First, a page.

Dish Network CEO Charlie Ergen — once tossed out of a Las Vegas casino for card counting — was poker-faced again on Monday in discussing his plans for Blockbuster. In a conference call with analysts he wouldn’t say whether he’ll continue to rent DVDs at lots of bricks and mortar stores, or gut that business in favor of slapping the Blockbuster name on an Internet streaming service for movies and TV shows. Ergen says his plans will roll out like an episode of Seinfeld: “You’ll have to wait (for the last two minutes) to see how it all comes together,” Ergen says. “Seinfeld was a show about nothing. So this could be a strategy about nothing if you’re skeptical. But we feel we have a purpose.” Yet if Ergen has a strategy, then he contradicted himself by saying that he’ll have conversations with Hollywood studios over the next few weeks to see what they want.  “If studios want a physical (retail) presence, there’s a lot of reason to keep stores open,” he says. Blockbuster has about 1,700 stores and Dish hasn’t decided how many to shutter. The company says that only about 370 of the stores are profitable. So is Ergen leaning toward a digital strategy? Maybe, or maybe not: He says that Netflix “has a formidable and perhaps insurmountable lead” in attracting subscribers who want to stream programming to smartphones, tablet computers, and TV sets. Ergen says he likes the option of having a … Read More »

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EXCLUSIVE DEADLINE LIST: Media Moguls With Pay Compensation NOT Out-Of-Whack

EXCLUSIVE: Media Moguls With Out-Of-Whack Pay Compensation

My previous post showed that a lot of media company bigwigs have pay that’s out of whack with the other 4 top executives whom the SEC requires these corps to list. Now I want to show the flip side — CEOs that don’t set off alarm bells with corporate governance experts. Top dogs like News Corp’s Chase Carey, Comcast/NBCUniversal’s Steve Burke, Cinemark’s Alan Stock, World Wrestling Entertainment’s Kevin Dunn, Dreamworks Animation’s Jeffrey Katzenberg, Dish Network’s Charlie Ergen, Netflix’ Reed Hastings, AMC Entertainment’s Gerardo Lopez, Regal Entertainment Group’s, and National Cinemedia’s Kurt Hall make no more than 3 times as much as the average for the 4 other top executives whose compensation is listed in the annual proxy statement to shareholders.  Let’s be clear: We aren’t saying that the executives below are fairly or unfairly paid. But they work at companies where the boards of directors at least seem to recognize that multiple people deserve the credit for the company’s performance:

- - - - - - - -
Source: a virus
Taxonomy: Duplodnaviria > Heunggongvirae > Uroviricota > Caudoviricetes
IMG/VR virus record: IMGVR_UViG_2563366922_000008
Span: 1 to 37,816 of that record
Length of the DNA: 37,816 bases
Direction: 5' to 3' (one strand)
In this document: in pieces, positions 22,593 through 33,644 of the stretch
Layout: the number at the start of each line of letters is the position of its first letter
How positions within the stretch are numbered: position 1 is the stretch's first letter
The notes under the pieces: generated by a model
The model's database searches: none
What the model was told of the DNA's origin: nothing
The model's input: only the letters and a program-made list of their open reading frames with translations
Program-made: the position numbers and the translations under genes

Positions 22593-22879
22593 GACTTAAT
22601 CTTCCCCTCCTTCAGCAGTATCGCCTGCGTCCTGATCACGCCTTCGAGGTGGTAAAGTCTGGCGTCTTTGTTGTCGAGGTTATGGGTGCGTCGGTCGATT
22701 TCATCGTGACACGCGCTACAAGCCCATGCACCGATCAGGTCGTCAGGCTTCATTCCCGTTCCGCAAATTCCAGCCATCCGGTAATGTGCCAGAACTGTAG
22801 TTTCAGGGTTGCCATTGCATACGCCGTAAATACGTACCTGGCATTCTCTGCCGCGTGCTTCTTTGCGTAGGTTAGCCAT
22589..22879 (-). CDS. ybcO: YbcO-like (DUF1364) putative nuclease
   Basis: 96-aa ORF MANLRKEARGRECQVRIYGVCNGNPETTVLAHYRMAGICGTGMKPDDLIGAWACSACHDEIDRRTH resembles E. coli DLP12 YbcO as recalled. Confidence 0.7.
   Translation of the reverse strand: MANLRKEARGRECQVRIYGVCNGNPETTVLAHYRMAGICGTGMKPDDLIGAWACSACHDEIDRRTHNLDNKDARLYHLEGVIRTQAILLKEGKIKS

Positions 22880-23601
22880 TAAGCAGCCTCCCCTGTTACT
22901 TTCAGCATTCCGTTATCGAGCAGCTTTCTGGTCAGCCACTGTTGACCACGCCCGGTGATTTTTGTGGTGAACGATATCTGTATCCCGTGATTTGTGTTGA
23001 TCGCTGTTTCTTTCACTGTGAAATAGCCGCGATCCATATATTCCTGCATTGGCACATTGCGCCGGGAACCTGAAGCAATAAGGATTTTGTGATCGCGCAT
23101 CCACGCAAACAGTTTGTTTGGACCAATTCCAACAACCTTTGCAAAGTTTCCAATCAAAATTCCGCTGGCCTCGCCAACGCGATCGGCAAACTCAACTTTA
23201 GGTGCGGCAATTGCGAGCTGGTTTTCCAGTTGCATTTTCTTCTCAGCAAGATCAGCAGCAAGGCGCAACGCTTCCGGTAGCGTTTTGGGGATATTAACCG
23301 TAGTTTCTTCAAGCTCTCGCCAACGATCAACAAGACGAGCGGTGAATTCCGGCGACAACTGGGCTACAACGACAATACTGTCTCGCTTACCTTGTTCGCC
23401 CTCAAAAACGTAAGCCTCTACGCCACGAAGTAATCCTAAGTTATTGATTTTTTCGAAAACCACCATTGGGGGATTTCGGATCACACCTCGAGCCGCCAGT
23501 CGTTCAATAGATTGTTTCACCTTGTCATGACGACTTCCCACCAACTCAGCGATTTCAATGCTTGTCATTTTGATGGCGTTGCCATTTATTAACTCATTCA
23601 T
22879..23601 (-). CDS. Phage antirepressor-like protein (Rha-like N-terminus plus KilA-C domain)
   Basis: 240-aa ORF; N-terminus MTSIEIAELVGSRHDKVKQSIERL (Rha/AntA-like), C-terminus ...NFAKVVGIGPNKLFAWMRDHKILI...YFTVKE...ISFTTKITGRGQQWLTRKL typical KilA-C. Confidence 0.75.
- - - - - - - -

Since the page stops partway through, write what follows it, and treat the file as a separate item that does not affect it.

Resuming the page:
1. Microsoft: B. Kevin Turner. Here’s an indication of how technology companies differ from most media ones: Executives in tech don’t depend so much on annual compensation. They typically own a lot of stock and profit when it appreciates. So CEO Steve Ballmer, who owns nearly 4.8% of Microsoft’s shares, is the lowest paid top executive listed in Microsoft’s proxy, with $1.4 million in compensation for the fiscal year that ended in June.  Turner, the COO, … Read More »